Rural communities tend to be closer than urban societies and reference groups have a greater importance. Relatives and people from the same caste are important reference groups. Joint families still exists in villages although the trend is towards the nuclear families. In rural areas, the consumption is driven to a large degree by the occupation and income of the consumers. Low income levels and inadequacy of credit facilities also affect the consumption patterns. Another important factor that affects demand patterns in rural areas is the instability of the income of the farmers, which is linked to the seasonality of agricultural production as well as to the unpredictability of the harvest. Similarly, the landless labourers and daily wage earners get their remuneration on a day-to-day basis and therefore they purchase in smaller quantities of products at a time, mostly on a daily basis.
As compared to the urban counterparts, the rural consumers have different interpretations of colors, symbols, and social activities. As the exposure to mass media and information technology is increasing, rural consumers are being more informed about products and services and their dependence on traditional reference groups is waning.
Hindustan Lever Limited (HLL) is the largest detergent manufacturer in India. HLL is one of the few companies that targeted and delivered to the bottom-of-the-pyramid (BOP) markets very effectively. One of the key strengths of HLL is their distribution and marketing penetration in the BOP markets. HLL products are manufactured at around 100 locations around India and distributed via depots to almost 7500 distribution centers. HLL has the reach to all villages with atleast 2000 people.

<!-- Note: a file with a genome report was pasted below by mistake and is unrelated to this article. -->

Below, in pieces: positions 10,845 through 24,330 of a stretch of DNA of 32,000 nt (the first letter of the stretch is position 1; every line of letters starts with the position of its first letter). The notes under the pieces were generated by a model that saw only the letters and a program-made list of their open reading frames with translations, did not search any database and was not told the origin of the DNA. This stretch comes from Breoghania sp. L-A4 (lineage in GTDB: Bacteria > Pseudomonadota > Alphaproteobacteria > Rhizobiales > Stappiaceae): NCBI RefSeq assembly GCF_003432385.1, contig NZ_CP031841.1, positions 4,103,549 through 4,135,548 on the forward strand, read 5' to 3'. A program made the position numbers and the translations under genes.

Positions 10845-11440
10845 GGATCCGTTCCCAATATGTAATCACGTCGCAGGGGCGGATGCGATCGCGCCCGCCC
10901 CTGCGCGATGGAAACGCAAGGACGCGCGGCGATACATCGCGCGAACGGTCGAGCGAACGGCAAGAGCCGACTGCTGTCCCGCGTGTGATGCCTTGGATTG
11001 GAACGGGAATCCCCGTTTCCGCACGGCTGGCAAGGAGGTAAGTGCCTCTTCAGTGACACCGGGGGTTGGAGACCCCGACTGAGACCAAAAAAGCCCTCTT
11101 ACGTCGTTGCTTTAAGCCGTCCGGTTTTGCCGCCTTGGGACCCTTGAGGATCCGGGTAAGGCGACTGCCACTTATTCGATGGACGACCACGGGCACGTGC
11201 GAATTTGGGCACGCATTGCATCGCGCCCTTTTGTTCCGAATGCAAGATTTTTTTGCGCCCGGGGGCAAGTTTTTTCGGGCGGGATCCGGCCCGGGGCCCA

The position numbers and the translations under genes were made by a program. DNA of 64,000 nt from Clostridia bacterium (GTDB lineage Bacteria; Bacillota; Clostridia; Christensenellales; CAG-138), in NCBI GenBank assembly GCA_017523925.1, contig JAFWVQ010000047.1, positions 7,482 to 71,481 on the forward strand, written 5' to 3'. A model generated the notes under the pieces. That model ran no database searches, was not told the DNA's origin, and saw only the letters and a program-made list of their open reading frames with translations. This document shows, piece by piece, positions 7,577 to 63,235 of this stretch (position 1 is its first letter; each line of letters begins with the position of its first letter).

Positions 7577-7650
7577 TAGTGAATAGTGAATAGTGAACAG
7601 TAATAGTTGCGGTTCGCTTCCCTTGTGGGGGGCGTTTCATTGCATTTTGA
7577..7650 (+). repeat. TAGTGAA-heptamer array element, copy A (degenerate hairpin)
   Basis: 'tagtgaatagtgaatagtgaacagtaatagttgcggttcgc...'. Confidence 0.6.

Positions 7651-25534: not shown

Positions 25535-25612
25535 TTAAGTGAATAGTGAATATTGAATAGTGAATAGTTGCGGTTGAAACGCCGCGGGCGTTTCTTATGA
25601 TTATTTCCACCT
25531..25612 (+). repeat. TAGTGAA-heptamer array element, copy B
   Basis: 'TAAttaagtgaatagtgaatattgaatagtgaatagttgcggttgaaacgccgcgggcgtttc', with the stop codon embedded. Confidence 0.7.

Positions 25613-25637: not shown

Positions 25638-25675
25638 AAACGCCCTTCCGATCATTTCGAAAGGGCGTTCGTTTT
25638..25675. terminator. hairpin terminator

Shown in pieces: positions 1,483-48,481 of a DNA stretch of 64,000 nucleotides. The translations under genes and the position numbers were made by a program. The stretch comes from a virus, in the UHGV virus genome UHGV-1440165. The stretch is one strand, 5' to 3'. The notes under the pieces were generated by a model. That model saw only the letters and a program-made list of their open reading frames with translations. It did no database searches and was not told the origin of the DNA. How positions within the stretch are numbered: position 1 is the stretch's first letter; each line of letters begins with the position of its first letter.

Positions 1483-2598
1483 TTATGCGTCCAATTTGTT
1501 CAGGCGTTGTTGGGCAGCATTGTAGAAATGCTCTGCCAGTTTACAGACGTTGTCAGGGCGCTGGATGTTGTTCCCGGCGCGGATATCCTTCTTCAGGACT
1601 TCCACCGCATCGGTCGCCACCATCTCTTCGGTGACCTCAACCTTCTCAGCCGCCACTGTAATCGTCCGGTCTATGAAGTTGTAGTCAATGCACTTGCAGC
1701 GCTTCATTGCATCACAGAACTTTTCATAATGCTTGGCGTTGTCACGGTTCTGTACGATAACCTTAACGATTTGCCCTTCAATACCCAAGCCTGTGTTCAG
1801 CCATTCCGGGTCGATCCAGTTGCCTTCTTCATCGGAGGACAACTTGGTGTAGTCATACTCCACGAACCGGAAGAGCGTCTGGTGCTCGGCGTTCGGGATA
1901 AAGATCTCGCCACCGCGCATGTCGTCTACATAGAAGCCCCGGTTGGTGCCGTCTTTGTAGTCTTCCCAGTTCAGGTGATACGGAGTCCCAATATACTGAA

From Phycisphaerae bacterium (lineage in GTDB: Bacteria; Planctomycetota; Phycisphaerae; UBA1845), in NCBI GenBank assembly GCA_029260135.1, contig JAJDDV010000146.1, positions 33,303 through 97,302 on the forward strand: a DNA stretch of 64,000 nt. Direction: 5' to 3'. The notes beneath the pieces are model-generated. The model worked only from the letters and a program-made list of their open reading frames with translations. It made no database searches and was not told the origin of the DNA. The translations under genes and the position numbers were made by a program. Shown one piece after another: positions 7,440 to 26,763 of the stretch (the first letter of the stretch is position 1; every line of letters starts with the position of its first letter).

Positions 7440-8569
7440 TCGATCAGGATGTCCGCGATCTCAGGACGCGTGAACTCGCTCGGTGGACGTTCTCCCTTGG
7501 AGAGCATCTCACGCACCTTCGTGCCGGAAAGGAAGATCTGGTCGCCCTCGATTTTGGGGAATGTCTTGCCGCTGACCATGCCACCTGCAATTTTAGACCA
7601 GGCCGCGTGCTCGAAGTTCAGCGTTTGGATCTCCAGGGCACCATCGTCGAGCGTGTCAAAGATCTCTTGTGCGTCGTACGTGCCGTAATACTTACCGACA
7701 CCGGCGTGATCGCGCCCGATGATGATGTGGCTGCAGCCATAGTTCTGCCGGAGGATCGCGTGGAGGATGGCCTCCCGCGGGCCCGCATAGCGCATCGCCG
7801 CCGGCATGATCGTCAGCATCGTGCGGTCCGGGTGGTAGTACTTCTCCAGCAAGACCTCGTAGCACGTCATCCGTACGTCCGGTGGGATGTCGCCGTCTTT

Pricing for the BOP markets
HLL is known as the company that comes up with innovative products for which the poor are willing to pay for. In fact they base their product on peoples’ willingness to pay for the product. For example, let us consider the case of Lifebuoy. HLL does some initial market research and comes up with the requirement that the Indian rural population need germ kill soap. Now, HLL experts immediately don’t go to the laboratory and come up with the most sophisticated germ kill soap. Rather, they have a bottom-up approach which works well for the mass markets. HLL does market research to understand how much are people willing to pay for a benefit like germ killer. Considering the price to be the retail price, it evaluates its target margins it gives a challenge cost. Then it comes up with a business model which delivers that challenge cost.
Marketing and Communications Strategies
Everything seems good on paper, but how does HLL manage its competitors. The key strengths of HLL is its distribution channels available to deliver Lifebuoy at the price the market dictated. The sales and marketing strategies of HLL are based upon microfinance institutions, micro-credit lending, and rural entrepreneurship. One such project is the Project Shakti which started in Andhra Pradesh and expanded to 12 states in India.
HLL tied up with the Self-Help Groups (SHGs) and offered them products which are relevant to the rural population. A member of an SHG is selected as a Shakti entrepreneur, also called ‘Shakti Amma’ will receive stocks from HLL rural distributor. With some training from HLL, the Shakti entrepreneur sold those goods directly to the local village population. HLL witnessed 15% increase in sales from the villages of AP, which accounted for 50% of total sales of HLL products in AP.
An important reason for the success of this integrated marketing strategy for rural India is the consistencies of goals between HLL, the government units, and the NGOs. As Lifebuoy is targeted for socially desirable improved health goal, the other parties are happy to cooperate with HLL. This kind of integrated positioning, targeting, sales, marketing, and distribution strategy has given HLL a real edge over its competitors.